What is perhaps most significant about the Pioneer Health Centre, as well as the Paimio Sanitorium and the work by Robert Francis Wilson, is the underlying connection between a built environment, an aspiration for social cohesion and an entitlement to wellness. This approach, of health as a holistic concept, fell somewhat out of favour as the 20th century progressed and new technologies developed. The benefits of CT scans and MRIs are more tangible, after all, than the play of natural light, or the even vaguer notion of unimpeded flow through space. 

But as ‘wellness’ becomes a fashionable word once more, value is again being placed on the power buildings have over physical and mental health. Ivan Harbour, senior partner at the architecture practice Rogers Stirk Harbour + Partners, characterizes a shift towards architecture that not only serves a clinical purpose, but is also designed to make people ‘feel’ well: 

Alvar Aalto, Paimio Chair, 1932 Courtesy: Alvar Aalto Foundation

‘It's very easy to say I want the minimum cost. Why do I need all these extras? What people are now realizing is that if you go into a hospital and you feel unwell because of the nature of the hospital, those extras are not extras at all. They are fundamental.

‘Light and air are actually a lot more important than people imagined,’ he adds. ‘If you are only thinking about the science of treatment, and you forget the art of care, you aren't going to make anyone well.’

Harbour led work on the Maggie’s West London Centre, situated in Charing Cross Hospital. Like other Maggie’s Centres, it is a free drop-in centre for those affected by cancer. The art of care is at the heart of what this charity does; its buildings designed as instruments for support, in contrast to the clinical instruments of the oncology ward. Natural light, views of greenery and calming colours are all leveraged to uplift those that pass through its doors. Could this philosophy bleed into the corridors of a general hospital?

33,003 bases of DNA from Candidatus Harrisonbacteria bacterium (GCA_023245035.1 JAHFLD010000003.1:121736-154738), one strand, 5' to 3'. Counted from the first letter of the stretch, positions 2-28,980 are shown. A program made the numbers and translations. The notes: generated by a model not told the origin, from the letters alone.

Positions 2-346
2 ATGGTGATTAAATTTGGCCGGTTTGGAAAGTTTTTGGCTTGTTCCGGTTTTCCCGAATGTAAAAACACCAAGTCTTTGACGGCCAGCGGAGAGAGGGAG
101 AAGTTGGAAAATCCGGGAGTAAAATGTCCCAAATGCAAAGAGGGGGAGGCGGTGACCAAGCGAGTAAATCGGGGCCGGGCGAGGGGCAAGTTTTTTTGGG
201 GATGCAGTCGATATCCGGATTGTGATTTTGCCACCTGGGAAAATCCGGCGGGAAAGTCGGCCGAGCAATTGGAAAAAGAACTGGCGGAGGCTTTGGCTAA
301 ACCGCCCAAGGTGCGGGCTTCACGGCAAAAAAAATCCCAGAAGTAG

It’s certainly trickling elsewhere. For the ‘Living with Buildings’ exhibition, Rogers Stirk Harbour + Partners worked with humanitarian organization Doctors of the World to design and build a new kind of mobile clinic for emergency situations. The resulting plywood structure is basic, but attention has been paid to a plethora of small details. There’s a canopied area with plug sockets, to function as a communal hub as well as a waiting area. There’s a back exit in addition to a front entrance, so patients can exit unseen. Crucially, the building is designed with gaps in the walls, which can be filled with sound-proof insulation. 

‘People from different backgrounds will to talk about their issues, their trauma, and try to do that with some dignity,’ says Ellen Waters, director of development at Doctors of the World. ‘It's hard to do that with a load of people sat on the other side of the fabric.’ 

Model of a hospital promoting the King Edward's Hospital Fund for London, England, 1932. Courtesy: Science Museum, London

Waters explains that details such as these aren’t frivolous, but rather necessary for the types of crises Doctors of the World now faces. Tents might work for short-term operations, but these kinds of responses are waning against the longer-term needs of refugee camps: ‘We’re seeing very different crises since 2015,’ she notes. ‘The temporariness of what we might have seen before with a famine is no longer there. There are camps in Greece, Italy, Croatia, Hungary, Turkey that we've been in since the beginning. Having temporary buildings isn't suitable.’

The architecture of an emergency camp is different to that of a hospital corridor, but both have a responsibility to the health of the communities that inhabit them. Perhaps the lesson to be learnt from new emergency clinics, Maggie’s Centres and pre-NHS experiments like The Pioneer Health Centre is that wellness is a nebulous thing, and it doesn’t only take root in scanning rooms or operating theatres; not only in architecture’s ability to contain contagion but in a building’s ability to empower and uplift. 

That way of thinking has mutated around new technology, both in the clinic and in our pockets, but the signs are that it is being recognized once more. Bodies and buildings, after all, are forever entangled.

‘Living with Buildings’, runs at the Wellcome Collection, London, from 4 October until 3 March 2019.

Main image: Paimio Sanatorium. Courtesy: Wellcome Collection; photograph: Ben Gilbert 

Thomas McMullan is a writer and artist. His debut novel, The Last Good Man (Bloomsbury) won the 2021 Betty Trask Prize. His short fiction and poetry have been published in Granta, 3:AM Magazine and Best British Short Stories, and his journalistic work has appeared in publications including The Guardian, Times Literary Supplement, frieze, ArtReview and BBC News. He has also worked with theatre companies and games studios in London, Amsterdam and Los Angeles, including Punchdrunk, The Chinese Room and Roll7 (Bafta: Best British Game, 2023).